Now is the time to check that all the vaccines are done and covered before the birth of the calf. With correct vaccination protocols we should have the colostrum primed to allow full protection be passed from dam to offspring via the first suck. Each farm will have its own vaccination protocol. This should best be laid out between the farm vet and the farmer in the form of a Herd Health Plan.

Salmonella vaccination is well advised, especially when calving indoors. A salmonella outbreak will cause severe scour with all too many fatalities among the young calves. Treatment is very time consuming and expensive, and sometimes to no avail. The disease is a zoonosis, meaning it can spread to ourselves.

If you have had salmonella on the farm in the past, then you'll understand very well why we say we should vaccinate against this. If you haven't seen it before on the farm, then ensure you never do, and consult your vet as to whether you should vaccinate or not.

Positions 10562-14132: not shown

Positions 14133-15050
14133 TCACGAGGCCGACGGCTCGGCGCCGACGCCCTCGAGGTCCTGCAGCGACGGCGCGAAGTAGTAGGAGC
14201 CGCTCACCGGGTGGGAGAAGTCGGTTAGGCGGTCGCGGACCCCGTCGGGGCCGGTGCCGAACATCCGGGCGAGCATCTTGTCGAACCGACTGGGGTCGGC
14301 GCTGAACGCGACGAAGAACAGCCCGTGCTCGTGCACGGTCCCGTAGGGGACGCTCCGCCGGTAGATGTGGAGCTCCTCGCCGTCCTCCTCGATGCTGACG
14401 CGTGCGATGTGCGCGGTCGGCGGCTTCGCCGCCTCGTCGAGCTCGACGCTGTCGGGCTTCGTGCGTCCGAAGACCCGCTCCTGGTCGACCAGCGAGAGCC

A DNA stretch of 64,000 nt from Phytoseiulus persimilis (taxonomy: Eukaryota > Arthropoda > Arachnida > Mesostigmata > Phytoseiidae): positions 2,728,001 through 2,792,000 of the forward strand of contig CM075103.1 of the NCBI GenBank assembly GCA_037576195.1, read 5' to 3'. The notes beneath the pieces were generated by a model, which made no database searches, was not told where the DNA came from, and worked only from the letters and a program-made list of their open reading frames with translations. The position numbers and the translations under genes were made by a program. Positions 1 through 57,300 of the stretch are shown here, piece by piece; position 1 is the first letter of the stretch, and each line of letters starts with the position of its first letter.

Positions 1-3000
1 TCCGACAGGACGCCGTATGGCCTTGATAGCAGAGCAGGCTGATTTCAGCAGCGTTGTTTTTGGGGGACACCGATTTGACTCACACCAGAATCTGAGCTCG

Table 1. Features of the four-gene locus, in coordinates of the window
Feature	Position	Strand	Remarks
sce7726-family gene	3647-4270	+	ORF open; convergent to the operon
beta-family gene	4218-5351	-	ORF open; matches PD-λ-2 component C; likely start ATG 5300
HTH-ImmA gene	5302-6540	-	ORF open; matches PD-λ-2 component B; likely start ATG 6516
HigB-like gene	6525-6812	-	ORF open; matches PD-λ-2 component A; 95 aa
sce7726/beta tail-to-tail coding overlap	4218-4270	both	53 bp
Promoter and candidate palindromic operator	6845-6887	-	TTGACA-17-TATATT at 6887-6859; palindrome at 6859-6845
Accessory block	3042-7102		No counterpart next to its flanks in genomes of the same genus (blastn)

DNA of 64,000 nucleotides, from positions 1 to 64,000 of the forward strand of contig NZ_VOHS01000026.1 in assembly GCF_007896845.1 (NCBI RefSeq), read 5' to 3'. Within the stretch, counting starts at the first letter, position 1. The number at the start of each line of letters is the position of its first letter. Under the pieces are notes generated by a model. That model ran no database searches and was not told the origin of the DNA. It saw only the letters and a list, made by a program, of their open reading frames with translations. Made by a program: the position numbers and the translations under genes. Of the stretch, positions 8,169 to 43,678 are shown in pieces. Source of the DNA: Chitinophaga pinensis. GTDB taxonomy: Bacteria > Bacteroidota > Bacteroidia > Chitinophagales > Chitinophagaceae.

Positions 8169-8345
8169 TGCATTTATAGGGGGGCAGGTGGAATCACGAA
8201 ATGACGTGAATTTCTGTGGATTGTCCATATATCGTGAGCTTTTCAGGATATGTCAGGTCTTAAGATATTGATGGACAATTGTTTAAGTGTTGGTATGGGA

E Coli is very similar to salmonella, and again, we should strongly consider a vaccination for the pregnant beef cow to give the newborn calf adequate protection. Disinfection and good husbandry helps to keep these bacteria at bay.

BVD, Leptospirosis and IBR should all have been considered long before this late stage of pregnancy. These vaccines are used at the beginning of the breeding season before the bull is introduced. Leptospirosis is found everywhere in the environment; in ditches, drains and stagnant water. The spirochete bacteria are spread by rats, dogs and other cattle, and will cause abortion if they strike during pregnancy. Since the disease can come into the farm from anywhere through ditches, hedges or gateways, it is best to vaccinate rather than stop it entering by restricting cattle movement. An annual booster is required to maintain immunity and this is best given before pregnancy.

BVD is a virus that can also cause abortion. However, this guy will cause many other problems because it attacks the cow's ability to protect itself from other diseases. In other words, it suppresses the immune system.

Therefore, BVD in a beef suckler herd will allow a whole range of diseases to get a foothold in the calves, as well as the adult breeding stock. A very high proportion of the national herd has BVD virus, and Animal Health Ireland (the new body involving farm organisations, Veterinary Ireland and Teagasc, among others) has put together a protocol to reduce the incidence of this disease in Ireland.